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mTOR, metabolism, and the regulation of T-cell differentiation and function

Authors

  • Adam T. Waickman,

    1. Department of Oncology, Sidney Kimmel Comprehensive Cancer Center, Johns Hopkins University School of Medicine, Baltimore, MD, USA
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  • Jonathan D. Powell

    Corresponding author
    • Department of Oncology, Sidney Kimmel Comprehensive Cancer Center, Johns Hopkins University School of Medicine, Baltimore, MD, USA
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Correspondence to:

Jonathan D. Powell

Department of Oncology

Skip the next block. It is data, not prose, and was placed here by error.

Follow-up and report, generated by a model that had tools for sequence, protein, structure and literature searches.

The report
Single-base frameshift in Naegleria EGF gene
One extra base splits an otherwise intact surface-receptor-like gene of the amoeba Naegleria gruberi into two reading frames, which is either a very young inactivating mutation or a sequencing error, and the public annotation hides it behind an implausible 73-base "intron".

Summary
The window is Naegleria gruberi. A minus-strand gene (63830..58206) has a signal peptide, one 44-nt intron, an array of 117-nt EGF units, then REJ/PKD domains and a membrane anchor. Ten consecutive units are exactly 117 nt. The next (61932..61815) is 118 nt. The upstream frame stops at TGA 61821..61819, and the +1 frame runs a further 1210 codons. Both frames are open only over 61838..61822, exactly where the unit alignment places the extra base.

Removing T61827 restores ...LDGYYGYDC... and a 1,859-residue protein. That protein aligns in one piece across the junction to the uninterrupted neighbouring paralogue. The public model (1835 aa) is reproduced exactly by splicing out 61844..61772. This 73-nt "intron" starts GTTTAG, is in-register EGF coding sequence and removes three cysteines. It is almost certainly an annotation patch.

Sidney Kimmel Comprehensive Cancer Center

Johns Hopkins University School of Medicine

1650 Orleans Street, Room 443

Baltimore, MD 21231, USA

Tel.: +1 410 532 1736

Fax: +1 410 614 9705

e-mail: poweljo@jhmi.edu

Summary

Upon antigen recognition, naive T cells undergo rapid expansion and activation. The energy requirements for this expansion are formidable, and T-cell activation is accompanied by dramatic changes in cellular metabolism. Furthermore, the outcome of antigen engagement is guided by multiple cues derived from the immune microenvironment. Mammalian target of rapamycin (mTOR) is emerging as a central integrator of these signals playing a critical role in driving T-cell differentiation and function. Indeed, multiple metabolic programs are controlled by mTOR signaling. In this review, we discuss the role of mTOR in regulating metabolism and how these pathways intersect with the ability of mTOR to integrate cues that guide the outcome of T-cell receptor engagement.

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